MOVIE REVIEW By Lucas Allen: ‘Pale Blue Eye’ perfect for a midnight dreary

The Pale Blue Eye

By Lucas Allen

Based on a 2003 novel by Louis Bayard, “The Pale Blue Eye” offers an original gothic mystery story with one of the 19th century’s most revered authors at the center of it. In fact, the title is taken from a line from the classic Poe story “The Tell-Tale Heart,” so that gives you an idea of what to expect from this dark, moody story. Written and directed by Scott Cooper, this stylish period thriller will leave you freezing and not just because of its wintery setting.
In 1830 New York, widowed ex-constable Augustus Landor (Christian Bale) is called to the nearby West Point Military Academy by Supt. Thayer (Timothy Spall) and Capt. Hitchcock (Simon McBurney) for help with a special case. It seems a young cadet has hanged himself during the night, and then his heart was mysteriously stolen from his body. The detective tries to make sense of this shocking case by interviewing the other cadets, along with the academy’s Dr. Marquis (Toby Jones). One of the cadets, a young poet, Edgar Allan Poe (Harry Melling), is enlisted by Landor to help. Poe believes the death could’ve been done by an obsessed mind. Eventually, some of the clues point to a connection with the occult.
Poe introduces himself to Dr. Marquis’ family including son Artemis (Harry Lawtey), wife Julia (Gillian Anderson), and daughter Lea (Lucy Boynton), whom he pines for. However, Lea suffers from occasional seizures, which becomes a key to the mystery. There is much more to the murder than what Landor and Poe originally thought.
Fans of period thrillers, including some Hammer horror classics, will find elements that work very well in each scene. The snowy setting and crumbling interiors add to the dark atmosphere in the daylight scenes. With the nighttime sequences, the dark corners and moonlit blues easily sends a chill down the spine. It’s the type of movie to watch in the wintertime, where you don’t know if the snow that you’re seeing outside your window is just as spooky as this film.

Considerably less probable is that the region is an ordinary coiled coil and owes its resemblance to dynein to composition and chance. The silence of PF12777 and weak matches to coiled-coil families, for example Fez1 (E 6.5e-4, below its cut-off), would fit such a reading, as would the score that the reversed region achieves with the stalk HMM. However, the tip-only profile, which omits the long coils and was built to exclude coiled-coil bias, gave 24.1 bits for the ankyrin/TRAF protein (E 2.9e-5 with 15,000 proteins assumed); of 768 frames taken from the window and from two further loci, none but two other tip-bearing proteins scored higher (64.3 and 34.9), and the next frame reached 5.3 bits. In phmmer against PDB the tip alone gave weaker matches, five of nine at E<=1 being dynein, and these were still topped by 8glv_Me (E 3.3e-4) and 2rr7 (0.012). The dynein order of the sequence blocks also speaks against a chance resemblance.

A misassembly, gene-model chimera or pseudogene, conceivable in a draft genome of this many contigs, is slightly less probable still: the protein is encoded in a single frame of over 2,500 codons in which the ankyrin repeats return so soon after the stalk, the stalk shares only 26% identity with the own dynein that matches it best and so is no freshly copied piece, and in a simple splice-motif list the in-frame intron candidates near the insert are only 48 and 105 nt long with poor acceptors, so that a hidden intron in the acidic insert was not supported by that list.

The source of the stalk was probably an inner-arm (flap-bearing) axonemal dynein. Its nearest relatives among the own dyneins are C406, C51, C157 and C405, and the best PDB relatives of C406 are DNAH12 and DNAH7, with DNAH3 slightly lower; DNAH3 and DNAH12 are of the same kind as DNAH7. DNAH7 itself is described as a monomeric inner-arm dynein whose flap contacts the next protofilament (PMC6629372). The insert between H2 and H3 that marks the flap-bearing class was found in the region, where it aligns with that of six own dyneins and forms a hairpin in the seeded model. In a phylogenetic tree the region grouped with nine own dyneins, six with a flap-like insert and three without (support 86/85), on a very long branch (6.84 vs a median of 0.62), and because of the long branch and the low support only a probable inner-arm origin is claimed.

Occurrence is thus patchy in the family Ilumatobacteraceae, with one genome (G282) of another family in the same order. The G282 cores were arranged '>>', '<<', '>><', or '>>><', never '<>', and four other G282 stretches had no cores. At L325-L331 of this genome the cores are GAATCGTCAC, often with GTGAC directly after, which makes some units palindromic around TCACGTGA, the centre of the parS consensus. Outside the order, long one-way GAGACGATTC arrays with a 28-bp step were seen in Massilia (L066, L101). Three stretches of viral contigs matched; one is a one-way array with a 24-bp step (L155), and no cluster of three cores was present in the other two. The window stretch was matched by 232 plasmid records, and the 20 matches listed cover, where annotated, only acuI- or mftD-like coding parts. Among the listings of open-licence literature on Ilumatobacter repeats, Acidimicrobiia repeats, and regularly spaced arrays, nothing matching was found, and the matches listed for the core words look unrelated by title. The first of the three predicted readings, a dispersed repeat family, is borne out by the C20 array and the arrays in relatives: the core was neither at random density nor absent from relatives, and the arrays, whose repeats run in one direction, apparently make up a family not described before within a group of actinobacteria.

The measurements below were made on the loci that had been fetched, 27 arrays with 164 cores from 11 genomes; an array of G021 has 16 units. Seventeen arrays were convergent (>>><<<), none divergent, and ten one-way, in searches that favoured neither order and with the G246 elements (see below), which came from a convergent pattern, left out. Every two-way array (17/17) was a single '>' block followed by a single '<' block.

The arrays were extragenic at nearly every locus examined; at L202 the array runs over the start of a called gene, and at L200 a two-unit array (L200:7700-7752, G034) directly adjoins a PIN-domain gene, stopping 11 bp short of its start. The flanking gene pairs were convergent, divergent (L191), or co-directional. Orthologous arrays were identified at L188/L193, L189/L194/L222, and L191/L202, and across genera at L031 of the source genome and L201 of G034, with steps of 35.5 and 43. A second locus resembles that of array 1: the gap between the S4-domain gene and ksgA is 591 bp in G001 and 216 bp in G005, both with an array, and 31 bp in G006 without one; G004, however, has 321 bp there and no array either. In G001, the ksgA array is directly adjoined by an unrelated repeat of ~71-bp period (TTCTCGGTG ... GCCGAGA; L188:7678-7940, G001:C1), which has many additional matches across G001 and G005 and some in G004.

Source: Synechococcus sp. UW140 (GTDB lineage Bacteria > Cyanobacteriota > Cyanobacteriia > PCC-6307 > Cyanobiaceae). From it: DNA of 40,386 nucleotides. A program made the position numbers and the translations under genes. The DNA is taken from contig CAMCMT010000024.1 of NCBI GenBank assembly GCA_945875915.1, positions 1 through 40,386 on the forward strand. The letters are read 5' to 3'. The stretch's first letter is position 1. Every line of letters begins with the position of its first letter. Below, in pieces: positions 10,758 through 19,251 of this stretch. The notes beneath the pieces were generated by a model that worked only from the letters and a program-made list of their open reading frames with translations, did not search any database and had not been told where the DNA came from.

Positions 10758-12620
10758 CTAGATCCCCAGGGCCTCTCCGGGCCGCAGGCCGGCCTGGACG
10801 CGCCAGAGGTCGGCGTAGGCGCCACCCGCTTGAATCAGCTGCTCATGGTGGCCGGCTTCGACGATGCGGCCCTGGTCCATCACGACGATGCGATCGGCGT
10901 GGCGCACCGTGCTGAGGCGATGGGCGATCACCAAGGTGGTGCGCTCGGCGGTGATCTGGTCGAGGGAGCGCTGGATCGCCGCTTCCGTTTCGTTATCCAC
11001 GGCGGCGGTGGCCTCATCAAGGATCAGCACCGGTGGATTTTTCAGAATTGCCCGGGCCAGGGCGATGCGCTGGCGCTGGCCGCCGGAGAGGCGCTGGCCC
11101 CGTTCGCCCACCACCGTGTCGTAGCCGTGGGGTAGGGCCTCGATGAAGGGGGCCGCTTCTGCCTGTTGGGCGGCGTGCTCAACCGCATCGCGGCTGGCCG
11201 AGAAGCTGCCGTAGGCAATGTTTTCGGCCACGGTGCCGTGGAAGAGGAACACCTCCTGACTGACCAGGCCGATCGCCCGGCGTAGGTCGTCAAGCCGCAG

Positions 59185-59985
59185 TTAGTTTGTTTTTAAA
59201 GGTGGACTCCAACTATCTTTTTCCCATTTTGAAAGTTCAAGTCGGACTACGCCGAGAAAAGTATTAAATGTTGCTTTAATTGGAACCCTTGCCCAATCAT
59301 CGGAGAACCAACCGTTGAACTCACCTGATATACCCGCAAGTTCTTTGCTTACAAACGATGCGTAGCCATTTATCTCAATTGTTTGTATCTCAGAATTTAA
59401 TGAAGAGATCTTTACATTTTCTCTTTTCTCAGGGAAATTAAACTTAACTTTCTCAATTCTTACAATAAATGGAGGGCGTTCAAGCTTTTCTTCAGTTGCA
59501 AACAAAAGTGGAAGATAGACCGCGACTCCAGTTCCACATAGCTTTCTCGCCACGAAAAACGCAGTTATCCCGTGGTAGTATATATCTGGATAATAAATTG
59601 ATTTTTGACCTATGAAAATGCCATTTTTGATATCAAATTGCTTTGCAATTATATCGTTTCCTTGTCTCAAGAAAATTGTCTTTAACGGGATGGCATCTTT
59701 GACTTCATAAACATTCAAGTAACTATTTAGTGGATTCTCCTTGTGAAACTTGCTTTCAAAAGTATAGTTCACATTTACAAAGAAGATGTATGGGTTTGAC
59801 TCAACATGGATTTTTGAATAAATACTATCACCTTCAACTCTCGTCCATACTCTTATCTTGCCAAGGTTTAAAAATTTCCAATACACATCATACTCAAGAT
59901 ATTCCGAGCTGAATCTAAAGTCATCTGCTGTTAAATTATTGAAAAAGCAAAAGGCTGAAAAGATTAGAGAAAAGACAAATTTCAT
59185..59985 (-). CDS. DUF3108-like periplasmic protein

The mystery itself is a bit slow paced, so some viewers need some patience enough to get invested in the story. It tends to reveal different leads only to head into a predictable conclusion. When it does, it’s not entirely satisfying, in spite of some horror elements that fit into the mystery. In fact, that conclusion ended an hour-and-a-half into the film with the last half-hour devoted to extending the story from the main character’s perspective. It’s nice, but it’s not wholly rewarding for patient viewers.
Like any period film, it’s elevated by its outstanding cast. Bale once again channels his dark side while making it more eerie than in “American Psycho” and “The Dark Knight Trilogy.” There’s a level of sadness and anger he’s able to deliver very well to his performance. Melling looks and acts the role of Poe wonderfully, though there are times he tends to act more like a younger Sherlock Holmes than the brooding poet. The rest of the cast also do a good job, especially Robert Duvall in a small role as an expert of the occult.
Even if the book is better, the movie version of “The Pale Blue Eye” brings it to life well enough to make it worth watching on Netflix. “Glass Onion” may be the better detective story for the streaming giant right now, but both films do find different innovative ways to keep the most jaded viewer interested for two straight hours. If anything, it could be the cure for anyone having the winter blues.
THE MOVIE’S RATING: R (for some violent content and bloody images)
THE CRITIC’S RATING: 3.25 Stars (Out of Four)